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Like Thailand and other predominantly Buddhist countries, Vietnam is relatively free of serious hassles for Western women. But it is a different story for some Asian women, particularly those who are young. It's not un-common for an Asian woman accompanied by a Western male to be stereotyped as a Vietnamese prostitute. The fact that the couple could be married, or friends, doesn't seem to occur to everyone, or that the woman may not be Vietnamese at all. Asian women travelling in Vietnam with a Western male companion have occasionally reported verbal abuse. However, there's no need to be overly paranoid, as locals are becoming more accustomed to seeing Asian women. Things have improved as more Vietnamese people are exposed to foreign visitors. Sanitary napkins are available in larger cities, though tampons are harder to find.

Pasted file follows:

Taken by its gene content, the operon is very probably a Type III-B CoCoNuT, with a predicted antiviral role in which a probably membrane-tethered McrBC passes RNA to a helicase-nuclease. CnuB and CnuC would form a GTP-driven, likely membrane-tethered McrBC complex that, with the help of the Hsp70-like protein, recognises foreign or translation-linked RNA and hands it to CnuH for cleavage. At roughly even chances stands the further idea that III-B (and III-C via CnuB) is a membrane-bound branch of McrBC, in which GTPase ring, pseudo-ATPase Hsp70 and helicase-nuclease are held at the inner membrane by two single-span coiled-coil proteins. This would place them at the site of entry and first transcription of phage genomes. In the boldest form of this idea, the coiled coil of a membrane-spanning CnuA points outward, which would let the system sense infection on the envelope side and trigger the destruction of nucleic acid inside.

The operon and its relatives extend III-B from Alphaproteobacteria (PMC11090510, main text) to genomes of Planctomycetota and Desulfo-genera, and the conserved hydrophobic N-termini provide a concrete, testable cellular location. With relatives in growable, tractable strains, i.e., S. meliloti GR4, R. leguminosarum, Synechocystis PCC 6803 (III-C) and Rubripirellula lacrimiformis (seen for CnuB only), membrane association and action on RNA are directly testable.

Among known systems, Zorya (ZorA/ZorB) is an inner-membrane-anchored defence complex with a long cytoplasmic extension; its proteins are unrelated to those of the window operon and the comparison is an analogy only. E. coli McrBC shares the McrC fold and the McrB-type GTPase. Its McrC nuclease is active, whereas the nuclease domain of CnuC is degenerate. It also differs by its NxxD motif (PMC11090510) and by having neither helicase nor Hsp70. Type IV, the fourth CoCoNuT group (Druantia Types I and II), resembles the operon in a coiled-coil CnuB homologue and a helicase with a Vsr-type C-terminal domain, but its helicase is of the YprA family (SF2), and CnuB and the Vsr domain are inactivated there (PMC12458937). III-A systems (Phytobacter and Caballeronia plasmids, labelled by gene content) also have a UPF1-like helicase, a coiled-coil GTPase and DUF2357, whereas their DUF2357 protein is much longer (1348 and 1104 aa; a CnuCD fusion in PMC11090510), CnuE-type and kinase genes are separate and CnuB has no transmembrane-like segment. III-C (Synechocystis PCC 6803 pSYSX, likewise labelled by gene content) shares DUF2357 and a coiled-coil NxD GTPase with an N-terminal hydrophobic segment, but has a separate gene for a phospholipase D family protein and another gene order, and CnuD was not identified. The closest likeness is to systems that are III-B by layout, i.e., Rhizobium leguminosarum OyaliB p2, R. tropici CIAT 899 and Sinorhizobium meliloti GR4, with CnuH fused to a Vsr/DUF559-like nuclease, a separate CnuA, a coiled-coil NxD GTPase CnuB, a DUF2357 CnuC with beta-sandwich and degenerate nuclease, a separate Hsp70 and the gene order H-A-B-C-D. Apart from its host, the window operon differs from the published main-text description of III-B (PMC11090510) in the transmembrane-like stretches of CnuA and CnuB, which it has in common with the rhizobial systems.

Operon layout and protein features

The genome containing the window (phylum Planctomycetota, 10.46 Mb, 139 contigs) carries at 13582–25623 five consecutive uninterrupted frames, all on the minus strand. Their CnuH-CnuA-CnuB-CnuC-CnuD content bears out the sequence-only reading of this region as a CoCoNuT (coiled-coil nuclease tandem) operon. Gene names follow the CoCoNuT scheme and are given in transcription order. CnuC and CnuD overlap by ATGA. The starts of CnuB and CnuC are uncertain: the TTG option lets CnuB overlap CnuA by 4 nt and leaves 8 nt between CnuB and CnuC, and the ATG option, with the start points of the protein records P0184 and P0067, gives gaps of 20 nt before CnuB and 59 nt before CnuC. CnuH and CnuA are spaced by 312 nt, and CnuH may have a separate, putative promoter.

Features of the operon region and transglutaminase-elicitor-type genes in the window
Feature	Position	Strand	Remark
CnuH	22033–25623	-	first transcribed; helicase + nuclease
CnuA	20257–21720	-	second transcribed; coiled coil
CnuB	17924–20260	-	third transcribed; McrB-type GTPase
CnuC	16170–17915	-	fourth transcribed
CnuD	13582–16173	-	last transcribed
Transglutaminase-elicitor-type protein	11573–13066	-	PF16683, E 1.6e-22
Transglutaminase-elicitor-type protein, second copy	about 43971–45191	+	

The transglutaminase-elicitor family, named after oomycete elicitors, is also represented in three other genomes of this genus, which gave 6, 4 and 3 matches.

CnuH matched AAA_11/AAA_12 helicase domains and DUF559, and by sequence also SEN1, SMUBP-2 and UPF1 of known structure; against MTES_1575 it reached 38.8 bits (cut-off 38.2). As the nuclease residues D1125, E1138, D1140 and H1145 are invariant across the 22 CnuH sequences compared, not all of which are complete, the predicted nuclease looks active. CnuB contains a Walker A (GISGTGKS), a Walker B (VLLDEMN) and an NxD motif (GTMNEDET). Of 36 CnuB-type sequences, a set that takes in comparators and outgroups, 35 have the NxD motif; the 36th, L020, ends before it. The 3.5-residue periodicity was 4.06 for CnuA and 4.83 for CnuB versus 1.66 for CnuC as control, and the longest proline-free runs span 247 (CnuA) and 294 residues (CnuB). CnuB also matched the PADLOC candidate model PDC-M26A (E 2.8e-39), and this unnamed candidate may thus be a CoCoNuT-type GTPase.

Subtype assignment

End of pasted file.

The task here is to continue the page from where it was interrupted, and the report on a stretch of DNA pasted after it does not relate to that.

Vietnam's opening up to capitalist countries has suddenly created all sorts of work opportunities for Westerners. The best-paid Westerners living in Vietnam are those working for international organisations or foreign companies, but most of these jobs are secured before arrival in the country. Foreigners who look like Rambo have occasionally been approached by Vietnamese talent scouts wanting to recruit them to work as extras in war movies, but for most travellers the main work opportunities are teaching a foreign language. English is by far the most popular foreign language with Vietnamese students, but some students also want to learn French. There is also a limited demand for teachers of Japa-nese, German, Spanish and Korean. Government-run universities in Vietnam hire some foreign teachers. Pay is generally around US$5 to US$10 per hour, but benefits such as free housing and unlimited visa renewals are usually thrown in. There is also a budding free market in private language centres and home tutoring; this is where most newly arrived foreigners seek work. Pay in the private sector is slightly bet-ter, at about US$6 to US$15 per hour, but these private schools won't offer the same extras as a government-run school. Private tutoring usually pays even better, at around US$10 to US$20 per hour. Finding teaching jobs is quite easy in places such as HCMC and Hanoi, and is sometimes possible in towns that have universities. Pay in the smaller towns tends to be lower and work opportunities fewer. Looking for employment is a matter of asking around - jobs are rarely advertised. The longer you stay, the easier it is to find work -travellers hoping to land a quick job and depart two months later will be disappointed.